Last week I posted the first part about the new anti-spam law in Canada. Jonathan MacKenzie, lawyer at Aluvion Law, presented last week on the topic “Understanding CASL: the new anti-spam law” for Strategic Focus for StartUps.
In part 1 I wrote about the aim of the Canada Anti-Spam Law (CASL), going from a reactive opt-out system to a proactive opt-in system to fight electronic spam. I also explained the concept of express consent and implied consent. Today, I will write about what you must do, share practical questions asked by the public and tips Jonathan shared.
What you must do
To stay within the restrictions of CASL make sure all electronic business communications have:
- A clear subject line that tells the receiver what to expect in the body of the email or newsletter;
- The body of the electronic message may share information of benefit and have a commercial purpose to your prospects and clients (see my blog post about strategic communications);
- Always have a clear unsubscribe mechanism. This can be a rule as simple as “Reply to this email and write in the subject line unsubscribe” or an automatic unsubscribe mechanism powered by a newsletter service;
- Include your contact details: this includes your email (an info address or your personal email), your phone number (again, personal or a 1-800 number), and your physical business address;
- When an individual unsubscribes, you have ten days to remove him or her from your mailing list.
Given the time span CASL gives businesses to contact prospect and (former) clients, it is imperative to start tracking your interactions. Whether you use an Excel spreadsheet, a free online customer relations management (CRM) system like Zoho or a paid CRM like Salesforce, it is time to add some extra information such as when your last sales took place and when you last spoke or emailed.
A few questions from the public
The big question asked in the past few months is “what if I have a home office and don’t want this address exposed on my newsletter?” A fairly easy option is to buy a “virtual office” or mail service at a coworking space and use their business address. You can also choose to have a PO Box and share that address.
Another question that came up around newsletters was which address to use when sending newsletters for clients. If you are sending emails and newsletters on behalf of someone else you should always include their contact details.
Often third party software is used to send newsletters or promotional emails. The relevant question came up if CASL applies whether or not the business uses a third party tool. Firmly we were told, “Yes, CASL is in effect” because any electronic tool we use to send our business communications is covered in the law.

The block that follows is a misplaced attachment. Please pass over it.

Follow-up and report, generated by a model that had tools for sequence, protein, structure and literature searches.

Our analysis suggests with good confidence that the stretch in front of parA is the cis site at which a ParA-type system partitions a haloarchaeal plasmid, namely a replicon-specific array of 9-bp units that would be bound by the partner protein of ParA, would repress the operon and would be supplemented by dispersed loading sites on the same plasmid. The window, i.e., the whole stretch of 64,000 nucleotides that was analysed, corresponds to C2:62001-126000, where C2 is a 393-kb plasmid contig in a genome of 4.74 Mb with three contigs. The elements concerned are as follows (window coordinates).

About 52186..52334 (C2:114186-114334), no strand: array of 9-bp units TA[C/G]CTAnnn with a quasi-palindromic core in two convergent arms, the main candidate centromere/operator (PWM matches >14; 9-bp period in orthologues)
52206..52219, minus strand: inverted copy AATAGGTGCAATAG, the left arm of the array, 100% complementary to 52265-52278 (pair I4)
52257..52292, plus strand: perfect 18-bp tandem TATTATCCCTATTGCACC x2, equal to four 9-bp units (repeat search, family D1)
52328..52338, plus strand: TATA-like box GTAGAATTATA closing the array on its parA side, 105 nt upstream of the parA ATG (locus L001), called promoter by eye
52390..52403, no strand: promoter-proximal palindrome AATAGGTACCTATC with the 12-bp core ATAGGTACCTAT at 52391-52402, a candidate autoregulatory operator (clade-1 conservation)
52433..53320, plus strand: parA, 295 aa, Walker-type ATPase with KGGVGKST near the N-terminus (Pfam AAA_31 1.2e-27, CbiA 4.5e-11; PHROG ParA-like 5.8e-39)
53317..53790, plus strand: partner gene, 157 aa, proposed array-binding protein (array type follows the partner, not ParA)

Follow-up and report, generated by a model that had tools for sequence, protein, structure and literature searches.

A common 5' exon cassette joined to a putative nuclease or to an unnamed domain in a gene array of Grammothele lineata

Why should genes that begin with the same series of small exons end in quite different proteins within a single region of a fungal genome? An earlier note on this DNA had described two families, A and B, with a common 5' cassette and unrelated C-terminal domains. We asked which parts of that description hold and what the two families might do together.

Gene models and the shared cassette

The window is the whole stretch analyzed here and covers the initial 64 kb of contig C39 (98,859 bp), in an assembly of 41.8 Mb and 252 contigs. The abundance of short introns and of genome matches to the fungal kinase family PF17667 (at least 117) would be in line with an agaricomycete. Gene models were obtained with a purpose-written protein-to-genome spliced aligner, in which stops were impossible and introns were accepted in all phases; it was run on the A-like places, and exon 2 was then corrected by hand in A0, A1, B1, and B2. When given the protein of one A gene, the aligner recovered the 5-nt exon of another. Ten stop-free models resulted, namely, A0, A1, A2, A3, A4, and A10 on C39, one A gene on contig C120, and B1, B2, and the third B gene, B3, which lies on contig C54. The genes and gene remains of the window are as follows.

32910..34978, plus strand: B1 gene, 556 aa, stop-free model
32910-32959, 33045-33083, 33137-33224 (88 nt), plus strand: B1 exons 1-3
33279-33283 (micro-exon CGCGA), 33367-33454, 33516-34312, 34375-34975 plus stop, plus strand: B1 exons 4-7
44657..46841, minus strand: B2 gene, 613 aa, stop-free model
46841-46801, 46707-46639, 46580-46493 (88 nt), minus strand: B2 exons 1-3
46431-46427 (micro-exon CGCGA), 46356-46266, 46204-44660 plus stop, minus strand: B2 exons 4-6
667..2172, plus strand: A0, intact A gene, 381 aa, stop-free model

And here’s a good question about social media use. “What if I use LinkedIn to network and to introduce others?” Since people gave their consent to you for contact them because they linked with you, there is no harm in continuing how you are using LinkedIn. However, if you have been sending email via LinkedIn to your contacts asking them to buy your products or services, you can no longer do this.
I love practical advice as a take away from seminars and Jonathan shared three vital tips.
1. Err on the side of caution. As I wrote in last week’s post, we don’t know yet how “commercial activity” is going to be interpreted, affecting how the law will be executed. So, better be safe than sorry and screen you messages!
2. Start cleaning your email list. Ask individuals on your mailing list proactively to opt-in so you can stay in touch with them. Obey CASL in the easiest way and get more express consents!
3. Track your business interactions. Be as detailed as possible in your Customer Relationship Management (CRM) tool. Note when the last time was you spoke to every individual and when he purchased your service or products.
Who is Jonathan?
Jonathan MacKenzie is Kaleidoscope’s legal matters expert and a lawyer at Aluvion Law. He works with small businesses and entrepreneurs, drawing on his former entrepreneurial experience. Aluvion is a new kind of law firm that makes the legal process for individuals and small business simple and transparent.
Image credit for top: Commons Wikimedia